There has been years of hype over location-based social networks, however so far that’s all it has been: hype. Now Foursquare, Facebook, and others have rolled out deals platforms which enable businesses to incentivize consumers to shop based on offers. The one thing that I keep thinking though, is that coupons never incentivized me to shop somewhere.
I’m not the average consumer though. According to a Coupon Trends Report the industry is $35 billion, something that any entrepreneur would surely like to get a piece of. One has to wonder though: are smartphone touting consumers the same ones who are clipping out coupons? Do coupons drive the behavior of this user base?
I’d assume that these companies have done some sort of research to come to the conclusion that deals are a strong motivator for users of their products, right? Right now the greatest problem with most of the check-in products and the integration of offers is that users must physically check-in and say where they are. Only at that point are they presented with the various offers around them.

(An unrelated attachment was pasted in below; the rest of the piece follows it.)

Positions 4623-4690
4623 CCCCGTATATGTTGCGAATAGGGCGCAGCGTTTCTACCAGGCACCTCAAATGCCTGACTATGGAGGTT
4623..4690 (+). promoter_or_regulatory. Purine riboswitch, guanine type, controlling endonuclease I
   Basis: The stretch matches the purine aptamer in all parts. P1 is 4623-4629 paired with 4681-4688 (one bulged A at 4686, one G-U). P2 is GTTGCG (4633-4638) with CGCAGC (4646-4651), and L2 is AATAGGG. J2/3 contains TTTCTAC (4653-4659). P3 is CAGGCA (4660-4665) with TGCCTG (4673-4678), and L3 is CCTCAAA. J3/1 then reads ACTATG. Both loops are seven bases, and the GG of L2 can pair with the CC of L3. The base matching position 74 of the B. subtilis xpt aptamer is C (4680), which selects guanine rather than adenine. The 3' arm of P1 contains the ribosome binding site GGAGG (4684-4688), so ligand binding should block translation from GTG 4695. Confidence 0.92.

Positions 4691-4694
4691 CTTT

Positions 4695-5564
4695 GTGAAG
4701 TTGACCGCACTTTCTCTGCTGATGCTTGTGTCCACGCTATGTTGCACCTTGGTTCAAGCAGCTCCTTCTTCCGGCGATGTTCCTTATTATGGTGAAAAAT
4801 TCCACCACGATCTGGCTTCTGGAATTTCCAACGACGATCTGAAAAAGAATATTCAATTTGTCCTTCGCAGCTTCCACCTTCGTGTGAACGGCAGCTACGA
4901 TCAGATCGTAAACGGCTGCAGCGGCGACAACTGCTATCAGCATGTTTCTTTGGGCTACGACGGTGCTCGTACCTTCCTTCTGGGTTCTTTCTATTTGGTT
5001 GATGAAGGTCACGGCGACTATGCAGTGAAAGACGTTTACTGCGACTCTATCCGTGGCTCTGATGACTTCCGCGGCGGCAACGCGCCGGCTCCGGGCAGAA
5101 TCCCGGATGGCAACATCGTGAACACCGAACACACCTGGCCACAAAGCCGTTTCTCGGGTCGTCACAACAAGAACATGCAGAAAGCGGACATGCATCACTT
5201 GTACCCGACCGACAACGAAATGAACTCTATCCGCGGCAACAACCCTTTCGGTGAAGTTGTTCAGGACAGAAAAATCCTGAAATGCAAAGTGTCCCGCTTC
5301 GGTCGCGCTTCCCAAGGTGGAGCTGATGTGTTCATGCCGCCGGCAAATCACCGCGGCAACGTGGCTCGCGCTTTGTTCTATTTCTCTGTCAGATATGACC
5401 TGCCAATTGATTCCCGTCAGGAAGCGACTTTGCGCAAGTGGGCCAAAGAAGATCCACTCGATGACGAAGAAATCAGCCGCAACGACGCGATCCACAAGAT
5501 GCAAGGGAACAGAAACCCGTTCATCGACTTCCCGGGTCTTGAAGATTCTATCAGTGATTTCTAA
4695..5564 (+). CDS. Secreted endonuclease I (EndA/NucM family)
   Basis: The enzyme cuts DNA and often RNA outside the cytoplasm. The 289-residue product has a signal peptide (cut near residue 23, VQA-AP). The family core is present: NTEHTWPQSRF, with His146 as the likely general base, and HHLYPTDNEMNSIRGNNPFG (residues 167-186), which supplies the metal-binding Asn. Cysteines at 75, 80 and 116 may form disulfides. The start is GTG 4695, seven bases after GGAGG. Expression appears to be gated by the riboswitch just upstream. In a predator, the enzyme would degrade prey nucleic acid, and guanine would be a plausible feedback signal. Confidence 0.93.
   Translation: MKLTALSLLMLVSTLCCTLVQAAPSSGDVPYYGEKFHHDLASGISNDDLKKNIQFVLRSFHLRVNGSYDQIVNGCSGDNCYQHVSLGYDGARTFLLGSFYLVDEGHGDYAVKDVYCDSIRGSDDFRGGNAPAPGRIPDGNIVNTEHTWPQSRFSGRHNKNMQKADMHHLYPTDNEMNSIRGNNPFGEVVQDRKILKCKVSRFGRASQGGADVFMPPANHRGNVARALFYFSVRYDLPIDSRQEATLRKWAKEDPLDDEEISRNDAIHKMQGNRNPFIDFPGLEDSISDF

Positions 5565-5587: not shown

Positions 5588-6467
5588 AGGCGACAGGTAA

However no point during the trip between their point of origin and their destination did they get alerts about deals that were in the area. Perhaps this is what Google latitude is looking to solve with their always-on, battery draining, system. While consumers are likely to accept offers, all I can tell from the existing location systems (including Facebook’s) is that we still have yet to reach the holy grail of location monetization.
In the meantime, get ready to seek out those precious coupons as you navigate around the world. Just remember to refresh your location every few minutes to see if there are any compelling deals around you (sarcasm). Would you be likely to visit a business because you can get a few dollars off on a purchase?